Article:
Application of Technology

This instrument can be used to examine the aberration properties of aspheric lens designs. Fig. 8 plots the LSA as a function of labeled soft contact lens power for a spherical lens with no spherical aberration control (ACUVUE 2) (dashed line) and an aspheric lens (solid line) designed to have zero spherical aberration across all lens powers (A. Back, personal communication, 2007) (Biomedics XC; Cooper Vision, Rochester, NY). In this case, as anticipated, the spherical lens has levels of LSA that vary with lens power,19 and the aspheric lens comes very close to meeting its design specifications with LSA of less than ±0.50 D across all lens powers.

FIGURE 8.
FIGURE 8.:
Index-converted instrument measured LSA (D) vs. the corresponding manufacturer-labeled lens power (D) for an aspheric (solid line) and spherical (dashed line) soft contact lens power series.

DISCUSSION

The ClearWave off-eye contact lens aberrometer can provide highly accurate measurements of second-, third-, and fourth-order aberrations of lenses. It has the ability to measure ophthalmic and contact lenses in both air and saline. The successful wet cell to air conversions indicate that this device will allow precise evaluation of the optical characteristics of thin soft contact lenses, which until now has been very difficult to accomplish. The instrument produces highly repeatable measurements. These results show that the ClearWave will provide a valuable new measurement tool with the ability to evaluate new thin soft contact lenses and aspheric (including multifocal) lens designs.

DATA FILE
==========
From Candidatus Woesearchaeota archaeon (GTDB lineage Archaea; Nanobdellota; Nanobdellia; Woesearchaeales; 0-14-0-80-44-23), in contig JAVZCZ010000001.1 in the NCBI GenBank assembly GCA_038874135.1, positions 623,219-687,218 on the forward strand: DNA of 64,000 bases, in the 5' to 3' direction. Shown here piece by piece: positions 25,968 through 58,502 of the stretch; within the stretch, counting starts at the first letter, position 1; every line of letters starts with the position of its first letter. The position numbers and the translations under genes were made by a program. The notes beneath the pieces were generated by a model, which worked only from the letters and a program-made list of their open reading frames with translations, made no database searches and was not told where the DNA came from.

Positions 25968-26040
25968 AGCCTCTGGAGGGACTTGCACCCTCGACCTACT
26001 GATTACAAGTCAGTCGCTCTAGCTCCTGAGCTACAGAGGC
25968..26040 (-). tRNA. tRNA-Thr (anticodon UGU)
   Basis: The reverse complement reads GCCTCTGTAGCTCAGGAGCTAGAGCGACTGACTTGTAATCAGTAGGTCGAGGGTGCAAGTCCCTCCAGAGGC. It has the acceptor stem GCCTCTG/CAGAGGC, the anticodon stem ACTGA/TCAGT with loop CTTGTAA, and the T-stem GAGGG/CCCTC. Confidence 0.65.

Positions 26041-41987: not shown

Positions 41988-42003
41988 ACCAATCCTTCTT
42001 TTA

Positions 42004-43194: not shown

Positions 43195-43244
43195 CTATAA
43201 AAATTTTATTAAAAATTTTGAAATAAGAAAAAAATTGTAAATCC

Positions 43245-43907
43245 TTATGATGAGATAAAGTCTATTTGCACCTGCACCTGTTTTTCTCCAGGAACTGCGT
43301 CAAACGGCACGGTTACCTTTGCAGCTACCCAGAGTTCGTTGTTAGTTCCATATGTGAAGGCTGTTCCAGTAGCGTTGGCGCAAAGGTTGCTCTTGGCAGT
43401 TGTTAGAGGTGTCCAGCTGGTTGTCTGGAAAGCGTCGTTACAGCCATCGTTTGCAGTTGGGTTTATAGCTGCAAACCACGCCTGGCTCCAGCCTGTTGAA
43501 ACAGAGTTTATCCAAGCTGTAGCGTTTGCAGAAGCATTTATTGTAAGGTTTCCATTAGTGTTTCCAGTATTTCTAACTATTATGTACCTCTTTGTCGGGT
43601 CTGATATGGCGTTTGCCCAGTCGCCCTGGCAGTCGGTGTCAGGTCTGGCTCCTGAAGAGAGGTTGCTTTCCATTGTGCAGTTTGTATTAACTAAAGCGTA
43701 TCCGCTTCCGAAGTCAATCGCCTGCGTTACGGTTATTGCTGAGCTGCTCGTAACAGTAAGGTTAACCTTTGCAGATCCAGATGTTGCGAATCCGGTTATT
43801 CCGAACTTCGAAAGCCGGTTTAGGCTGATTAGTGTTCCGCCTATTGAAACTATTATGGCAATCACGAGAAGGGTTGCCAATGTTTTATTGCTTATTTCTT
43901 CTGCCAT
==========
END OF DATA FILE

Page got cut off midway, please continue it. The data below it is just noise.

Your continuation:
It is important to examine the discrepancies observed between the measured and expected results. They fall into the two familiar categories of systematic and random “error,” which we show using the Bland-Altman plots. The repeatability tests confirm that the instrument has great precision, and thus we can remove simple measurement variability as a potential cause of the discrepancies. One result offers some direct insight at the source of these discrepancies. When we measured a RGP lens once in air and then in the wet cell, after converting the wet cell data to in-air power, we found that the two were almost identical over a ±6.00 D range (Fig. 4b). Central to the importance of these measurements is the fact that it was the same lens being tested each time, and as a RGP lens, at a fixed temperature, we anticipate this lens to have the same structural and refractive index properties in both situations. This shows that the instrument is able to measure the same lens under different circumstances with the same result. Over a 12.00 D range, the differences were all less than ±0.10 D. The small discrepancies observed here, which were largely random about zero, reflect some small level of measurement error [Variance (VAR) of discrepancy data = 0.0024 D2].